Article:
Much of the language endorsing these steps has been criticized as being too diluted to make much of a difference, but these arguments need to be weighed against the fact that the final document was reached through consensus, a consensus that included every nation from the U.S. to Iran (Israel did not attend the meeting as it is not a signatory of the treaty). The "modest progress" school includes the Arms Control Association -- which applauded the meeting's "modest but important forward-looking plan of action on disarmament, strengthening safeguards, and achieiving universal adherence to NPT norms." And in an interview with Bernard Gwertzman of the Council on Foreign Relations, George Perkovich of the Carnegie Endowmwnt for International Peace called the meeting's outcome an "incremental success," noting that at least it didn't "end in disaster," as many had feared. Michael Krepon of the Henry L. Stimson Center adopted a slightly different formulation, calling it a "lowest common denominator success" that averted an "ugly mess."

The promotion of talks regarding a nuclear free zone in the Middle East drew the most controversy, with some suggesting that it was simply another way to beat up on Israel while others saw it as an opportunity for Israel to achieve increased acknowledgment of its right to exist simply by virtue of siting down at the same table with Arab nations that have yet to formally do so, and to address the issue of Iran's nuclear program in a multilateral forum. As George Perkovich put it in his interview with Bernard Gwertzman:

"That means that Iran would have to recognize Israel, which it doesn't now, as would Saudi Arabia, Lebanon, Syria, and so forth. So if this conference is to happen, those states will have to find some way to sit with Israel, which is a welcome challenge to the whole region. Israel can't be forced to give up its nuclear capability. Rather than being defensive and pretending that this hasn't been an issue all these years, it's better for Israel to step forward and invite the other states in the region and say, "OK, you want to make this a zone free of weapons of mass destruction? What are you prepared to do?"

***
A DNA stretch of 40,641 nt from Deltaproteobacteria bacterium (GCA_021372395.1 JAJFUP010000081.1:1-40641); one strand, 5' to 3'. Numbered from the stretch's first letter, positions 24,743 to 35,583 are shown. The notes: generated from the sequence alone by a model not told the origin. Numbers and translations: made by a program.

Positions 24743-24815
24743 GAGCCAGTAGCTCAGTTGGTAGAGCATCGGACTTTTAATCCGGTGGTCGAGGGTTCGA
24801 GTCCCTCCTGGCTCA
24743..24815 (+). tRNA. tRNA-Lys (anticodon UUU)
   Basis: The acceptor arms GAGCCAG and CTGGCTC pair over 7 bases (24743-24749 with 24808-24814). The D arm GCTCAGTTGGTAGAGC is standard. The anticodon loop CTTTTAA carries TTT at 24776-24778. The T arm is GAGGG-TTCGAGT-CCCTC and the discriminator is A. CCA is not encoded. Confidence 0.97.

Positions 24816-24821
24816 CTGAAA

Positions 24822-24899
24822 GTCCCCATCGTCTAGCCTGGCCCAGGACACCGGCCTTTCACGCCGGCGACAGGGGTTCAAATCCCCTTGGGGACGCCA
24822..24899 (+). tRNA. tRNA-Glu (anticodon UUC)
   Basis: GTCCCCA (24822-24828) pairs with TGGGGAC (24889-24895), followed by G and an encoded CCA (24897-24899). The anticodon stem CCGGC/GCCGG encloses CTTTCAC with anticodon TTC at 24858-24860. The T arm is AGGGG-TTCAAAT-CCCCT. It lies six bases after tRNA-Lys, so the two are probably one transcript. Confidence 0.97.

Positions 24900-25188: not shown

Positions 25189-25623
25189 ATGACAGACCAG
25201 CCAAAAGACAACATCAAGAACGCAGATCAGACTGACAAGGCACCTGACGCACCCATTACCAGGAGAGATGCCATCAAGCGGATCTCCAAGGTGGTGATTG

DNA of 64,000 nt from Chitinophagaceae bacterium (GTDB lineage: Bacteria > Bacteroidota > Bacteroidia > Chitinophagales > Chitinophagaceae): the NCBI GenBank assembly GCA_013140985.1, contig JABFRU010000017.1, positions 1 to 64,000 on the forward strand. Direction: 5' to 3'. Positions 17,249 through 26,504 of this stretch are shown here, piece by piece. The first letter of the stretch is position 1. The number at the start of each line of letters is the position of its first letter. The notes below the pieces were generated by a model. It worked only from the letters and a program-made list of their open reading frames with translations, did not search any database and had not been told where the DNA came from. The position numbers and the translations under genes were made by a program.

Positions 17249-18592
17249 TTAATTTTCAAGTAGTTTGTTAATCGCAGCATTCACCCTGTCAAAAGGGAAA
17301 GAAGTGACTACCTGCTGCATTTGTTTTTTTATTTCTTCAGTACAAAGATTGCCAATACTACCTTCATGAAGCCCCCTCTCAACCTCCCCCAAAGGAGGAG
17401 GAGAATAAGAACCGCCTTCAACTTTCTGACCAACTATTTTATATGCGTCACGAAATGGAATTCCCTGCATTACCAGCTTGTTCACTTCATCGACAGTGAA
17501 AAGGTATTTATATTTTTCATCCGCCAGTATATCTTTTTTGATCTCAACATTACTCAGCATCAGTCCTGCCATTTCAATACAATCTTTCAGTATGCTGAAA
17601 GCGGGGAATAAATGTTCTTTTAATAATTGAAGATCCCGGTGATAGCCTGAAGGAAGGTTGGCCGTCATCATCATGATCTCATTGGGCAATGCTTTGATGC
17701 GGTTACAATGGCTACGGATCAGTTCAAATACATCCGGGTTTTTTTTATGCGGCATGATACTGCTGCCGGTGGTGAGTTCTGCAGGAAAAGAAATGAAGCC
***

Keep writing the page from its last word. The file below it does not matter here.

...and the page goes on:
Another approach was to point out that real progress towards ridding the world of nuclear weapons needs to move outside of the NPT process towards the negotiation of a legally binding international convention for the elimination of nuclear weapons, complete with concrete timelines for progress. The idea of a convention was endorsed by many of the non-nuclear states attending the conference, and the final document did at least reference the concept, saying that "The Conference notes the Five-Point Proposal for Nuclear Disarmament of the Secretary-General of the United Nations, which proposes inter alia consideration of negotiations on a nuclear weapons convention . . ." But taking note of something falls far short of encouraging it, much less endorsing it. Advocates of the convention were the most vocal critics of the conference. For example, John Burroughs of the Lawyers Committee on Nuclear Policy asserted that the conference ended with "more of a whimper than a bang." Ray Acheson of the Reaching Critical Will project of the Women's International League for Peace and Freedom argued that whatever its strengths or weaknesses, "a document is just a document" and the real issue involves "the weak points of the NPT process itself." She closes by noting that "We do not need to rely on the NPT process alone to eliminate nuclear weapons. The vast majority of states have called for the negotiation of a nuclear weapons convention to outlaw nuclear weapons."

Given these diverse views, what is the bottom line? My own take is that we need to support any and all efforts designed to reduce the number of nuclear weapons on the planet and move us toward zero. That means supporting incremental steps like the new Strategic Arms Reduction Treaty (New START) between the U.S. and Russia; major moves forward like the entry into force of a global ban on all nuclear testing (the Comprehensive Test Ban Treaty), starting with its ratification by the U.S. Senate; and taking any and all measures needed to keep existing nuclear weapons and bomb-making materials out of the hands of terrorists. These actions should not be viewed as being inconsistent with longer-term efforts to enact a convention outlawing nuclear weapons. If the two approaches (the first of which might be thought of as "arms control-plus") can't be pursued in concert -- which I think they can -- they should certainly be able to proceed in parallel.